As bad as corona-palooza has been, it could have been a lot worse. After the Pandemic, written and directed by Richard Lowry, imagines a scenario in which the death rate for a new virus isn’t 1%, but somewhere around 98%. To paraphrase George Carlin, the planet has shaken us off like a bad case of fleas. Entire towns are now populated with single individuals, one of which is Ellie (Eve James) — a popular name in the post-apocalypse, apparently.
Ellie, in spite of everything, maintains a routine for sanity’s sake. She rides her bicycle to school every morning — passing the same dead body — and enacts her own little ballet class. When she gets home, she cracks open a can of cat food and silently eats. Ellie does everything silently, not just because there’s no one to talk to, but because a team of government goons in gas masks occasionally drive by, and they don’t seem like the census-taking type.
For one reason or another, Ellie leaves her neighborhood and stumbles across a new city. It’s here that she meets Quinn (Kannon Smith), who has taken a different approach to the new world. For as much as Ellie is a mousy, green, post-apocalyptic ditz, Quinn is survival-minded. She wields a crossbow (not the most practical weapon, but there is a precedent), dresses in camo, and is prepared to do whatever it takes to secure a tomorrow. Though Quinn enjoys Ellie’s company, she’ll hightail it if she feels the heat coming around the corner.
“…rides her bicycle to school every morning — passing the same dead body — and enacts her own little ballet class.”
Until Ellie and Quinn meet, After the Pandemic contains no dialogue, which shows that Lowry has an attractive level of confidence in the material and the audience to follow it. It also helps to establish the loneliness of the end times, or the serenity of the end times, for the misanthropes out there. Even when the two meet, they speak softly, partly to not arouse attention but also because they’re unaccustomed to using their voice. It’s a powerful tool for the story, as it’s not an obvious thing that would happen, but completely believable in action.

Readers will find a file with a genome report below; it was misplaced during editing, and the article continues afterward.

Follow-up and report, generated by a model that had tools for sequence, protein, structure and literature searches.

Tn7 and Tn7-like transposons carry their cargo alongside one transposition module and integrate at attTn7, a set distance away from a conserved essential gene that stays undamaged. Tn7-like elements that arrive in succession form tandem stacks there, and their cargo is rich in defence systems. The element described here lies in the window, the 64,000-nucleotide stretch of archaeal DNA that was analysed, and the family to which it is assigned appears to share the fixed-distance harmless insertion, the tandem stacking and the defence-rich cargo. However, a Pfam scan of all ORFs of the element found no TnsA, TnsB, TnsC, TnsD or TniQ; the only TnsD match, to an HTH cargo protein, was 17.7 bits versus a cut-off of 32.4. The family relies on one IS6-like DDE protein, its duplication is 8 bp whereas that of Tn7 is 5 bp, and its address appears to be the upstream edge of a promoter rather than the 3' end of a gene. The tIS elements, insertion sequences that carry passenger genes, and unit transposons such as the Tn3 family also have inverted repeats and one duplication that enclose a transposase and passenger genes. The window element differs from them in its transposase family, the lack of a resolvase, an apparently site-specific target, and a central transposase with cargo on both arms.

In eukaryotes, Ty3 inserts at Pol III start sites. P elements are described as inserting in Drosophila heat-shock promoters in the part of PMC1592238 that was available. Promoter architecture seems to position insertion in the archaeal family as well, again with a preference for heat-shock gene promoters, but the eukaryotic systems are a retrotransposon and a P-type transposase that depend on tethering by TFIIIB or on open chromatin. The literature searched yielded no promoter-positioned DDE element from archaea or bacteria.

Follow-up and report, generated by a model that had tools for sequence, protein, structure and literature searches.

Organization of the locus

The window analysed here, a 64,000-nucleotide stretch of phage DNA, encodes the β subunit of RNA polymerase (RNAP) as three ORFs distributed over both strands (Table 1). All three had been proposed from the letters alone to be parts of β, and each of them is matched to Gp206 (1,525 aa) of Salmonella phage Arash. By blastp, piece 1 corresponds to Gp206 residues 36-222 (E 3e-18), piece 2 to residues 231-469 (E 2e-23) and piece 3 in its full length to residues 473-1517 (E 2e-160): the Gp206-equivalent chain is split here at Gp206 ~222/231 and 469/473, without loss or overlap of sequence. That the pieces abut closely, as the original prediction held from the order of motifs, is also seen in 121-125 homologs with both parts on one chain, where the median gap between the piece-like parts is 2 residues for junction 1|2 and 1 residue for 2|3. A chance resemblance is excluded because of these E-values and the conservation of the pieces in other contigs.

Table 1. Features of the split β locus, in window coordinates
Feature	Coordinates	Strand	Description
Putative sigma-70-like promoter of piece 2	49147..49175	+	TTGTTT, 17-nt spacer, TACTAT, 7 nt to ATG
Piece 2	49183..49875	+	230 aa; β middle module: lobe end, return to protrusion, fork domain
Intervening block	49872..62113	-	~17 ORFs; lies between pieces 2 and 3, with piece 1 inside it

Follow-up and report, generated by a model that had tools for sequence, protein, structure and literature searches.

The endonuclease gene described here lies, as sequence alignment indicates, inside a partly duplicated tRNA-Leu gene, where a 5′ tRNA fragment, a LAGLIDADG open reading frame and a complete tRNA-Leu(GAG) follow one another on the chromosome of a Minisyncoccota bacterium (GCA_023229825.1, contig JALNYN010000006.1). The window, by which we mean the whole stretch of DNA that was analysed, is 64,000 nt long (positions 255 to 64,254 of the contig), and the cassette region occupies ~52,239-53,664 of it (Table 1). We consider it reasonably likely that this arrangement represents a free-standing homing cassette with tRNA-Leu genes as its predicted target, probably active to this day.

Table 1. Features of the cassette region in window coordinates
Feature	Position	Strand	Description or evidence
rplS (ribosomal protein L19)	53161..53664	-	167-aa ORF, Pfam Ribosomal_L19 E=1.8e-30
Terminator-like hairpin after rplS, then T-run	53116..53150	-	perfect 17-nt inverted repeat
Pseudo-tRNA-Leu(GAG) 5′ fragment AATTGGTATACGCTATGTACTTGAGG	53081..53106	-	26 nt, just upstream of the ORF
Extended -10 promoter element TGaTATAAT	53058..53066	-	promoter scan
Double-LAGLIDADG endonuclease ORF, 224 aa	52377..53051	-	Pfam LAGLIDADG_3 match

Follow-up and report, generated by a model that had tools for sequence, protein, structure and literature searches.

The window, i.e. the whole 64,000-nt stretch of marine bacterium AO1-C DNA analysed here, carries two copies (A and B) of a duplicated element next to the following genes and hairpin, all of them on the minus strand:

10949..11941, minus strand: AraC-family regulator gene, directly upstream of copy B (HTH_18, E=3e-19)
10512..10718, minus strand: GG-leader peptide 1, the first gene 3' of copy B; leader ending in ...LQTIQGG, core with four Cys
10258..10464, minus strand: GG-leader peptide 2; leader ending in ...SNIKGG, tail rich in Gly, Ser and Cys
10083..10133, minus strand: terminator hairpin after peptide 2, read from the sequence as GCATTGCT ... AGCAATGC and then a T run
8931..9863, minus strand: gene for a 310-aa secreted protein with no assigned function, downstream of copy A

The way in which the dialogue is written and the character dynamic plays out is largely effective. You won’t find any story subversions or particularly deep ideas, but there aren’t many record scratches, either. James and Smith are both fine actors, opting to underplay important moments rather than be noticed. The friendship developed between their two characters reads as genuine, though one of them is subject to a character arc that is telegraphed out the wazoo.
It’s also worth noting that the movie wears its low budget well, with some exceptions. At one point, Ellie and Quinn get robbed by a group of bandits that look like the late shift at a GameStop. It’s the Hurley dilemma from Lost. After several years of living in a brutal, uncivilized wasteland, you’d think somebody would develop some muscle tone.
When it’s all said and done, After the Pandemic turns out to be a pleasant little story about a friendship that springs from the unlikeliest of places. The neat bowtie of an ending does the rest of the movie a disservice, however. This is not a bowtie sort of narrative. This is the sort of film that should end with its hair ruffled, its shirt torn, and a tooth missing — smiling, limping, or both.
"…a pleasant little story about a friendship that springs from the unlikeliest of places."